HBOS, Britain’s biggest home loan lender, lost more than two-thirds of its value in the six days from September 9 to Wednesday – its shares crashed from 308.5 pence to an all-time low of 88p.
News of the buyout talks sent HBOS shares surging higher after the heavy losses in earlier trade prompted Britain’s Financial Services Authority to issue a statement saying that the group was well funded.
The British government smoothed out any competition concerns about the tie-up between Lloyds, Britain’s fifth-biggest bank, and HBOS, ranked sixth, on the grounds that the merger would promote financial stability.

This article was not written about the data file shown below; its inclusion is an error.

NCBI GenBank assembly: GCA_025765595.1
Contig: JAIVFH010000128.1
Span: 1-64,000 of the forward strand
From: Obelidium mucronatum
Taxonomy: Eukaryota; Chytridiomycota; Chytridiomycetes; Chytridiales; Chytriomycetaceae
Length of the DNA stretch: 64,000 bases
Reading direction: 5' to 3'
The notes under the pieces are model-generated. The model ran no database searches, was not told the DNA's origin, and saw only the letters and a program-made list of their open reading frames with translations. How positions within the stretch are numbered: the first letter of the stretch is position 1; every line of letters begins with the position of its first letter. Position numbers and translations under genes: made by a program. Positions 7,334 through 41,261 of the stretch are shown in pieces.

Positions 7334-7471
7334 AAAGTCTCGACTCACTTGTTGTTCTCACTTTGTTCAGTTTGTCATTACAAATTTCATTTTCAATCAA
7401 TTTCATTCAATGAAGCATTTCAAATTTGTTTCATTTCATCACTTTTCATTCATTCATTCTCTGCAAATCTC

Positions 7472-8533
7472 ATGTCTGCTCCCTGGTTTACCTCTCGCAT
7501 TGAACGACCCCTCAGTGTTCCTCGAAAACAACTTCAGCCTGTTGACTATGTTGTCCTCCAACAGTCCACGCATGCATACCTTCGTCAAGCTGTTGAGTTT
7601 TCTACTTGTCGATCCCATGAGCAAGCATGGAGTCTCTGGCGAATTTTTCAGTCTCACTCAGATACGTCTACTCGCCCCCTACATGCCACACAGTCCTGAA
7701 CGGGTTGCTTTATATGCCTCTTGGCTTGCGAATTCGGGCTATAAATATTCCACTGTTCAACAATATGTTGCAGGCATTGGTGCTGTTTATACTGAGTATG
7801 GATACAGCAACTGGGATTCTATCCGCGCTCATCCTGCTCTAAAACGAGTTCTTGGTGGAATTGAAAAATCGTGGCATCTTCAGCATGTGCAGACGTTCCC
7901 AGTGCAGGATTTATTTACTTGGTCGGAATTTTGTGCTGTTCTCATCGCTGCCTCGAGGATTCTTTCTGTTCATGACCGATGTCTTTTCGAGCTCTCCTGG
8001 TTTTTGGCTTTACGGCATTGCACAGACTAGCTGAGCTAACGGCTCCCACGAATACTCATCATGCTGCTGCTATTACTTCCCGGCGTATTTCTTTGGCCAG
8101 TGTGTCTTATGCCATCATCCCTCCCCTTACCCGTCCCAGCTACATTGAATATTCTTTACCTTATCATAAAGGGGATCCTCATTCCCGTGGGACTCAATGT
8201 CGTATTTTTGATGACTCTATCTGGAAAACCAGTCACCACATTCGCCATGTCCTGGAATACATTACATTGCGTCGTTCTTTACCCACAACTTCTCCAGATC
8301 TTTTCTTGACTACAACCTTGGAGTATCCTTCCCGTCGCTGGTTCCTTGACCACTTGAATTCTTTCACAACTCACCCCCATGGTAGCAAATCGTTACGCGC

The FTSE 100 London stock exchange closed down 113.2 points at 4,912.4 having reached a low of 4,903.3 and a high of 5,124.4 in a volatile day of trading on Wednesday.
Barclays, another British bank, had given Wall Street a small boost on Tuesday by agreeing to buy the investment arm of Lehman Brothers, the US bank which went bankrupt on Monday, for $1.75bn and taking on its 10,000 staff.
Barclays stock rose 10 per cent on Wednesday, but major European stock indices fell tracking Wall Street’s slide.
In Ireland, the Bank of Ireland became the latest bank to cut its share dividend payment, causing a sell-off in Irish banking shares.